The Jenkins' had two married sons who lived in the Delta and they both had small children so they couldn't make the trip to see their parents very often, but they sent them a few necessities along and a daily paper and kept a battery for their radio. So our friendship with them opened up a whole new world for us; a world so big and refined that it was almost unbelievable to imagine all the refined people and the luxuries we heard about and read about on their radio and in their newspaper.

The news about Mr. Jenkins tragedy spread through our neighborhood and at first everyone had come out of sympathy to see him. Then they kept dropping in frequently for it seemed like Mr. Jenkins high spirits and the cheerfulness of his whole family was just contagious. Seemed like people never felt sorry for him and treated him like an invalid, for being around him was a joy that warmed the heart. None of his family ever complained about all their land and other property they had lost or their home they had to give to strangers.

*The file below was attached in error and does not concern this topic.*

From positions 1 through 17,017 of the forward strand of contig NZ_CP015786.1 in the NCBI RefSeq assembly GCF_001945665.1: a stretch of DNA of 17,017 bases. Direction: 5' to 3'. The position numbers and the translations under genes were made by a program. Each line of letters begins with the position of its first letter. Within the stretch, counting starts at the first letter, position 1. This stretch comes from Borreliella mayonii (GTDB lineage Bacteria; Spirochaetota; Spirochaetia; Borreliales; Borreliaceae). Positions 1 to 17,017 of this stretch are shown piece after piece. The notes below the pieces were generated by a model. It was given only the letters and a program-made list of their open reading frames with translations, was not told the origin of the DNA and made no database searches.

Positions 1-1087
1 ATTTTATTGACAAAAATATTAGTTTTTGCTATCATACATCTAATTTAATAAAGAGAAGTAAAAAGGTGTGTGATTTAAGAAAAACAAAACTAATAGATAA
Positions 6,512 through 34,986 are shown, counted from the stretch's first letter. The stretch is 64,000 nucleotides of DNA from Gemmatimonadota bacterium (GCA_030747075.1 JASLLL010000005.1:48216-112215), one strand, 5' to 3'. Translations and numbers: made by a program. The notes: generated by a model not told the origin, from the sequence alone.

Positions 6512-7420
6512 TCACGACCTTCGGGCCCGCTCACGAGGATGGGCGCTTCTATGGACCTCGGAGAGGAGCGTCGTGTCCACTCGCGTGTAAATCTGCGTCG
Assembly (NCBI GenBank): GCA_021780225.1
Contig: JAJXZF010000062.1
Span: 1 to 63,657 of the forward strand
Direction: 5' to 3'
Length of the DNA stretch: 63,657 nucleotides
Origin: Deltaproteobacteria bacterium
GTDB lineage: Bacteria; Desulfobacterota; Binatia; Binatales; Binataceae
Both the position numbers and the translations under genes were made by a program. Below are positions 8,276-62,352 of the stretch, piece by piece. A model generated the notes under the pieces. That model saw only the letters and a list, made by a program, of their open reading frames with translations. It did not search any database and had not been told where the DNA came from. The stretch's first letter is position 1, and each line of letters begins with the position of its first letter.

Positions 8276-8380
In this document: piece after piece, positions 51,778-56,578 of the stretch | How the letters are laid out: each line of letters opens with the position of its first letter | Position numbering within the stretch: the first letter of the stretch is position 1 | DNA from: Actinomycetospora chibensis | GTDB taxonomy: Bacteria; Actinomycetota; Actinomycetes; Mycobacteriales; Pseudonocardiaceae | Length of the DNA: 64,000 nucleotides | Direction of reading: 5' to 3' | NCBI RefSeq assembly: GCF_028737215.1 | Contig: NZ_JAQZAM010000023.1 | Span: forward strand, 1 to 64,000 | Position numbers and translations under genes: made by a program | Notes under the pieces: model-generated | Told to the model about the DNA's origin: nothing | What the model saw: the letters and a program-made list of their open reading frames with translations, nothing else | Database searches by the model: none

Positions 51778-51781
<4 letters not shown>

Mr. and Mrs. Jenkins liked every one of us children but I believe Jonathon and I were their favorites. If they hadn't been fond of us two, I'm sure they would have chased us out of their house many times for we were there almost every day. We knew that Jimmy went to their mailbox every morning that was on the town road by the Davis' family mailbox, to get their daily paper. Jonathon and I would sneak away every afternoon and go across the fields and creek to their house to read Little Orphan Annie and Minnie Ha Ha. But first we had to sit still while either Mr. Jenkins or Mrs. Jenkins read the funnies to us. Then after they read them to us and explained the actions, reactions and people to us as they understood them, they would let us children read them for ourselves. I enjoyed them more when I read them myself for many times I didn't agree with their views but I didn't say so for I was afraid they would think I was impolite and didn't appreciate their being kind enough to share their papers with us. I loved to look at the rest of the paper, at the clothes and other unbelievable things advertised in it. But surely nobody could be rich enough to pay the prices of some of the things in that paper. Just once for fun I pretended I was going to buy a hat, coat, dress, and shoes for Mama and when I added up the prices it was more money than Papa earned from our cotton crop that year.